Also I would have confiscated the fake report openly, not secretly.

Reb Yudel said...

Trying to bamboozle you, the parent, turns this from a misdemeanor into a felony. I admire the impulse behind the offer to help a friend for a below-market rate; but lying to you is worth far more than a dollar.

The kid deserves more than a talking-to; you may have found him out the first time he thought he fooled you, but then again, he may have succeeded in hoodwinking you several times already. Ultimately, that's what kefel is all about.

I would try to think of a week-long punishment, such as grounding, so you can remind the child that s/he has put your trust, and your relationship, at risk.

And given that you are friends with B's parents, I would tell them too... ultimately, you would want to be told if your kid was hiring a ghostwriter, wouldn't you?

Anonymous said...

there are 2 issues that need to be dealt with. First and foremost - lying to you. This is a serious one and should be address as such. Both of A's parents need to be involved in this discusssion and then some sort of consequences needs to be given, consequence should be decided by both parents earlier. It's too easy to get upset and say something rash, no computer for the year, in the heat of the moment.

as this is a school mattter, you might let A know that he's runnning the risk of zero, when the teacher realizes that he wrote both papers. Some creative teachers have the kids split the grade; hence both fail the assignment. A then must decide if it's worth the risk.

Involving the other parent is dubious. No teenager wants his parents talking to another teens parents, let alone a good friend's parents. This approach may backfire and may result in both boys forming a united front against both sets of parents, assuming that Bs are willing to give consequences for his actions. not sure this will happen . Also this may have gone on all year and this is just the first time that you're aware of.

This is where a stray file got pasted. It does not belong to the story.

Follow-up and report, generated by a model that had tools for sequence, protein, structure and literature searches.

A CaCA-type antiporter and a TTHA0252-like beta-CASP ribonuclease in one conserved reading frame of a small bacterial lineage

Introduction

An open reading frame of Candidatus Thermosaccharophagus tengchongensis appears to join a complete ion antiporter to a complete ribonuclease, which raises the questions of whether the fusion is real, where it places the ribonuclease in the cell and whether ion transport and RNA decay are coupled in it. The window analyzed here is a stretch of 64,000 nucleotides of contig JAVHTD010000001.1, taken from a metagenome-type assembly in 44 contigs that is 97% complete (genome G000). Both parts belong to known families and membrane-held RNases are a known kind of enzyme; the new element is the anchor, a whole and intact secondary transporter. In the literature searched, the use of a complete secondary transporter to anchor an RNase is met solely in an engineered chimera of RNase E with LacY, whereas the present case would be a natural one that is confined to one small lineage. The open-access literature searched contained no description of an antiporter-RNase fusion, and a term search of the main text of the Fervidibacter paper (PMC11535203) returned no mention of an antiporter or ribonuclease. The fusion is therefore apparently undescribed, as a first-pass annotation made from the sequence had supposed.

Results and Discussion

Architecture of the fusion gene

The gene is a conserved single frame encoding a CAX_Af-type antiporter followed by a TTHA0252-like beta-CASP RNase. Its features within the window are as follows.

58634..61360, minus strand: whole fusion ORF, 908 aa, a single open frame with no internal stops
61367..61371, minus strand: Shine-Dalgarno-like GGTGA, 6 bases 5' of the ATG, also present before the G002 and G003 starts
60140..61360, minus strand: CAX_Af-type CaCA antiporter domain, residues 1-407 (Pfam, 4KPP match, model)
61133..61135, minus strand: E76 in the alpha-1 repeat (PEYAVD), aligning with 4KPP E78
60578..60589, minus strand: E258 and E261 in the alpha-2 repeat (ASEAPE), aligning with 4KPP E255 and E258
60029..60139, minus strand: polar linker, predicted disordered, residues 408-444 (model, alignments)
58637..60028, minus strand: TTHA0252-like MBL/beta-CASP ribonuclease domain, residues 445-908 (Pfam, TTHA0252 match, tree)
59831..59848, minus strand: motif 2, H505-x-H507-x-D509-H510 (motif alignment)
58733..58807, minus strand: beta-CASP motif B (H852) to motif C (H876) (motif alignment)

Welcome to teenagers! It's amazing what they come up with. I teach HS and have grave trepidation for when my own kids hit this age. To some extent ignorance can be bliss, certainly less gray hairs that way. Good Luck.
(Google isn't taking the password;Sorry)

Orthoprax said...


I'm no parent, but the first thing I would do is give kid A a strong talking to and reason with him to understand why what he's doing is wrong - especially in regard to lying which makes it all the more worse because it means he knows you wouldn't approve.

Only if that doesn't seem to do the job then I would start with some disciplinary action.

I also believe that it is _not_ a good idea to get the teacher involved because ideally you want your kid to come to you if he ever has problems in school so he can always feel like your on his side against 'the enemy.'

It also is the _wrong_ idea to secretly take away the report. Being disingenuous with your kid sends the wrong message. If you don't approve of the report then take it from him openly.

Calling kid B's parents or talking to him directly may or may not be a good idea depending on the kid and the parents and their relationship with you and your kid, but generally I wouldn't recommend too much overbearing involvement in your kid's life. He'll feel stifled and trapped. And forcing him to stop by obstructing the relationship keeps him from forming the moral autonomy that you'd want him to develop.

Tzipporah said...

Wow - I agree with anonymous, above, that lying to you is a pretty big problem, and the one where he has transgressed against you.

However, while I said "talk about honesty" I would tackle the bad assumption A is making: that his work is "helping" is friend. I'd give him a lecture on not putting a stumbling block before the blind, and ask him to think of what B is learning in the long-term from A's "help" - that books are boring, or reading books/doing assignments is only for "smart" kids. Is this really a lesson A wants B to learn?

But talking to the other parents is essential.

Warren Burstein said...

Let's make it more interesting - you call B's parents and they agree that this is terrible, they gave B $10 for to buy a book report, and now it turns out he's pocketed half of it.